the motor to pound. Examine the car occasionally for loose nuts and bolts. Don't race your engine under any circumstances. Remember that a squeak from the car means oil needed. Never take your car out until you are sure it is properly

lubricated. Be sure your brakes are released before attempting to move car. When you undertake to make any adjustments on your car, be

sure you are right, then go ahead. Never fold the top back when it is wet, as this will cause it to

deteriorate rapidly. Don't let your engine labor going up a steep hill; drop back

to a lower gear if necessary. Don't fail to cover the radiator and hood with a blanket or .

robe when the car is left standing in the cold. This keeps much of the heat in the cooling system and facilitates the starting of the motor.

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Fig. 36.-Control System of the Buick Light Six Automobile.

CHAPTER III
TYPICAL 1917 CONTROL SYSTEMS

Points of Similarity-How to Discover Proper Lever Position General

Control Hints—Buick-Cadillac Eight-Chalmers—Cole Eight-DortDodge Brothers-Empire-Ford Model “T”—Haynes-Hupmobile Hudson Super Six-Hollier-King Eight-Kissel Kar-Maxwell-Marmon-Mitchell-National-Oakland Model 32–Oakland Model 50% Overland 75-Overland 85-Packard Twin Six-Paige Pierce-ArrowRear-Stearns-Knight-Studebaker-Scripps-Booth-Velie.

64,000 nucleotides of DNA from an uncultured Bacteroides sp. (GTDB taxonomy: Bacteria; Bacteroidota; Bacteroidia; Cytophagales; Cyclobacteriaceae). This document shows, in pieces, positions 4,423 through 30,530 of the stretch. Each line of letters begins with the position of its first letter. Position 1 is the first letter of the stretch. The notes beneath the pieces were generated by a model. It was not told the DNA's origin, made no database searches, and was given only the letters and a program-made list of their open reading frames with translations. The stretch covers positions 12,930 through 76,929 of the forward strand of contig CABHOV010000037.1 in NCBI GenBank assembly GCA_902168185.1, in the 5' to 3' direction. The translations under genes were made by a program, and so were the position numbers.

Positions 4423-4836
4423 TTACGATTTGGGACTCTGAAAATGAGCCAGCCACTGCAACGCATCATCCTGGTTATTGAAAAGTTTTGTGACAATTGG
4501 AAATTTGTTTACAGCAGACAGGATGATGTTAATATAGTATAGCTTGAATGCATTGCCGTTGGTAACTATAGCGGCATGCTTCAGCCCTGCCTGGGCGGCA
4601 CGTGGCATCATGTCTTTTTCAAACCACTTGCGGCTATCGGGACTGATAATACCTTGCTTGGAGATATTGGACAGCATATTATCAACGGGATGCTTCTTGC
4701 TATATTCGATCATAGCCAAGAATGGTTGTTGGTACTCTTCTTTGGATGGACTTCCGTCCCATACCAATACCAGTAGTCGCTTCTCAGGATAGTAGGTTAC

It must be evident to the reader that it would be extremely difficult to outline the control systems of all the automobiles at the present time because there are so many different makes which vary from each other in matters of minor detail. For. tunately, practically all cars have almost the same method of controlling the engine speed, changing the gear ratio and controlling the brake and clutch. The steering of all cars is accom. plished by means of a hand wheel carried on an inclined steering column in front of the driver. The spark and throttle levers which are used to vary the engine speed are either carried above the steering wheel, at the top of the column, or are mounted immediately beneath it, one on each side of the steering post. Clutch and brake pedals have the same location in practically all cars. As a general thing the left pedal actuates the clutch and the right pedal the foot brakes. An additional means of regulating engine speed called the "accelerator” is usually placed close to the brake pedal so that it can be easily operated by the right foot. The gears are shifted by a handle, placed at the center of the car and intended to be operated by the driver's right hand, on most automobiles. As sliding gears, used for changing vehicle speed, are operated on the selective system, there are many cars in which the change speed lever works the